Code share revenue terms?

JayBrian

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Aug 20, 2002
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From an article in TravelWeekly Oct. 14, 2002;
Under the terms of their own alliance agreement, United and US Airways will not be sharing revenue from the code-share flights.
Instead, all the fares paid by the passengers on the flight will go to the carrier operating the flight, no matter which airline''s code is used.
That helped the carriers cause with the DOT. In making its decision, The DOT said that the provision should give each airline an incentive to compete with its partner by operating its own flight, as it will get the passenger revenue only when it is the operating carrier.
Can anyone decipher this?
Jay
 

N628AU

Veteran
Aug 22, 2002
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JayBrian,

This means it does not matter which code the passenger is riding on that leg. If the passenger is going CLT-EUG for example, taking a flight operated by US Airways CLT-SFO (regardless if the ticket code is the US flight or UA codeshare flight number), and then UA SFO-EUG, US gets the revenue for the CLT-SFO leg (the majority of the fare), and UA gets the SFO-EUG portion. This provides incentive for both carriers to operate long-haul, and use the codeshare to provide addtional feed on US shorthaul east cost and Carribean, and UA short haul west coast and Pacific Region.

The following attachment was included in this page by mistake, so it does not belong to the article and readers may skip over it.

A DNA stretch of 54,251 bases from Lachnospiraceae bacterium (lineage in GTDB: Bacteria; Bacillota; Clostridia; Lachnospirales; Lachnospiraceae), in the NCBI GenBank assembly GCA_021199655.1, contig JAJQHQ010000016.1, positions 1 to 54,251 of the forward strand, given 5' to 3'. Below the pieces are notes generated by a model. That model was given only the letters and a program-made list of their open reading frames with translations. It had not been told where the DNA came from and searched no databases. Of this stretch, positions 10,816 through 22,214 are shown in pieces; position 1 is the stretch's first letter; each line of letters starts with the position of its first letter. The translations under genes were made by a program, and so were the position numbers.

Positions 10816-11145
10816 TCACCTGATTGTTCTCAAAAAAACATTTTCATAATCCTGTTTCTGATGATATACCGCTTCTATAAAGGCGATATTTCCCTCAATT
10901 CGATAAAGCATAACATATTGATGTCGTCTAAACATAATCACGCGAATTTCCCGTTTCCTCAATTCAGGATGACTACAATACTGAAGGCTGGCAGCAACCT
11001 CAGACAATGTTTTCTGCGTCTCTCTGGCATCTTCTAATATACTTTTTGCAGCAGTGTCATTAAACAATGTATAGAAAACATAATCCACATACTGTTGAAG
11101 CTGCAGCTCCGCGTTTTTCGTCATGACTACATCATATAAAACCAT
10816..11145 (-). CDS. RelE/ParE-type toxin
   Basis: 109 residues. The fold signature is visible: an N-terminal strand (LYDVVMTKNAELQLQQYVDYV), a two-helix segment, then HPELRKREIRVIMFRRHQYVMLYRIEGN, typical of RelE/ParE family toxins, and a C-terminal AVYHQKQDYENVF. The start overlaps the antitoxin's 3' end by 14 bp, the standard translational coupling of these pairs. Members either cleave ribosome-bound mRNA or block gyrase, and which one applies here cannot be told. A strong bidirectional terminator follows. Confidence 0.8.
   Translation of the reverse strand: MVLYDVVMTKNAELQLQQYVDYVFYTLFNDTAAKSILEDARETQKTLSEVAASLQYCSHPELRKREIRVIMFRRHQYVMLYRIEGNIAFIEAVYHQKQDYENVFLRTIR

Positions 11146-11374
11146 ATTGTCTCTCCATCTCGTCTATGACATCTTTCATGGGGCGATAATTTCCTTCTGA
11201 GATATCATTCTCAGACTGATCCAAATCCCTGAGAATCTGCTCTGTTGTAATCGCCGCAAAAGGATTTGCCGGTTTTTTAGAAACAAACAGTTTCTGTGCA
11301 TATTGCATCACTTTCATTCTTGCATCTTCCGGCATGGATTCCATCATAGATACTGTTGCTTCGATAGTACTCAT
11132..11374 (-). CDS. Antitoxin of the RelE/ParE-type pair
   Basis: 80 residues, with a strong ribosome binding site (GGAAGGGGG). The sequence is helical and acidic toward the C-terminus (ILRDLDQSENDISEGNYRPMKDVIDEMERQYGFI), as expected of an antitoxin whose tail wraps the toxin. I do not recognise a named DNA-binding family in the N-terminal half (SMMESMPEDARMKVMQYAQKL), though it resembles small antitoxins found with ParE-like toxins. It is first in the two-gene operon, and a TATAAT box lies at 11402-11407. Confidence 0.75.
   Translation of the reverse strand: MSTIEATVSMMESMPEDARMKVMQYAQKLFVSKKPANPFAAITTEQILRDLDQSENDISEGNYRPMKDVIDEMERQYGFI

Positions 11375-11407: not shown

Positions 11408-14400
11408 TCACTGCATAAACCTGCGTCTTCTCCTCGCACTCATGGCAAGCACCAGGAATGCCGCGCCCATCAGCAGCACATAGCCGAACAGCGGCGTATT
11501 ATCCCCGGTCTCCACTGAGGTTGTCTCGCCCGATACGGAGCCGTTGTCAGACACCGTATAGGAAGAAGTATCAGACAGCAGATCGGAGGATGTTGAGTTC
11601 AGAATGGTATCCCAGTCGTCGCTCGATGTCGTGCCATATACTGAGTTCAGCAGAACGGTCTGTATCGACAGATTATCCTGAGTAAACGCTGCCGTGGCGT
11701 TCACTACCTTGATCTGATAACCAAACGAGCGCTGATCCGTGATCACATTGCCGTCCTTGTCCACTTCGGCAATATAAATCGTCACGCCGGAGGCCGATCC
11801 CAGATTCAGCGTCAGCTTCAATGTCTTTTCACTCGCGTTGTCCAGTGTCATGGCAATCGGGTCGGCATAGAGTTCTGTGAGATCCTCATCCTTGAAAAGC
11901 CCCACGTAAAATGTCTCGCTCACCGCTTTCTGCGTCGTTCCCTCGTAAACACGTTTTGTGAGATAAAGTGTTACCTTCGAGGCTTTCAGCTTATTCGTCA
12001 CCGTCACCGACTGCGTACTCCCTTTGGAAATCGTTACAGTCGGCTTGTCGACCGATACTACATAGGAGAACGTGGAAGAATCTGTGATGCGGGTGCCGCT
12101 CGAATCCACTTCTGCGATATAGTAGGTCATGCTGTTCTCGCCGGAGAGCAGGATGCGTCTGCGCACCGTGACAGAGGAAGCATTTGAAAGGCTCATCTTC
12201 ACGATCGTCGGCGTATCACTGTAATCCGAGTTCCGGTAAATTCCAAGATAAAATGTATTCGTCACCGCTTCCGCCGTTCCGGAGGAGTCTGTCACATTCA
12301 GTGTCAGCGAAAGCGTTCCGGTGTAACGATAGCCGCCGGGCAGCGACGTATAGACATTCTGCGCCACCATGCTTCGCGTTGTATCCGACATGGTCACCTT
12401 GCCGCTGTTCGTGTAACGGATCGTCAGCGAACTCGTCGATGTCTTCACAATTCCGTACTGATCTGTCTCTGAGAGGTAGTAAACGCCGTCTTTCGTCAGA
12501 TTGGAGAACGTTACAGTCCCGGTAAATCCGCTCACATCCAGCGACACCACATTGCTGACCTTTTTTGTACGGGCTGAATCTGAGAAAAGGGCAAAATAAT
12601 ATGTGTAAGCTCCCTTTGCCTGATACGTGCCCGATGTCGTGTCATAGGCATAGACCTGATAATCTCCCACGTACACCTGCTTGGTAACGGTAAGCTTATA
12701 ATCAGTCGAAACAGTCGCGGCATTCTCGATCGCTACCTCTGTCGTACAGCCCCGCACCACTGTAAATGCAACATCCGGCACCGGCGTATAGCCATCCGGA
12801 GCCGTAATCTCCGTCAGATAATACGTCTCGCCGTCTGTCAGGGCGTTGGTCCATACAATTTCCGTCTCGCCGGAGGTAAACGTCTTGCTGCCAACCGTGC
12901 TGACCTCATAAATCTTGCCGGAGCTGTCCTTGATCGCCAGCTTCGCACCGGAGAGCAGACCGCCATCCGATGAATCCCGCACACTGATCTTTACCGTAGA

C

chipmunn

Guest
N628AU, your comments are accurate and you bring up a valid point. The alliance encourages US to grow its long-haul and not become a feeder for UA. US gets the greatest amount of alliance revenue the more miles that are flown by a code share passenger on its own aircraft.

Chip
 
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chipmunn

Guest
Oldiebutgoody:

US has been offered an offical invitation to join the Star alliance and the company has accepted the offer. Because of the compelxity of implementing the domestic alliance, the international alliance will not begin for about one year.

Chip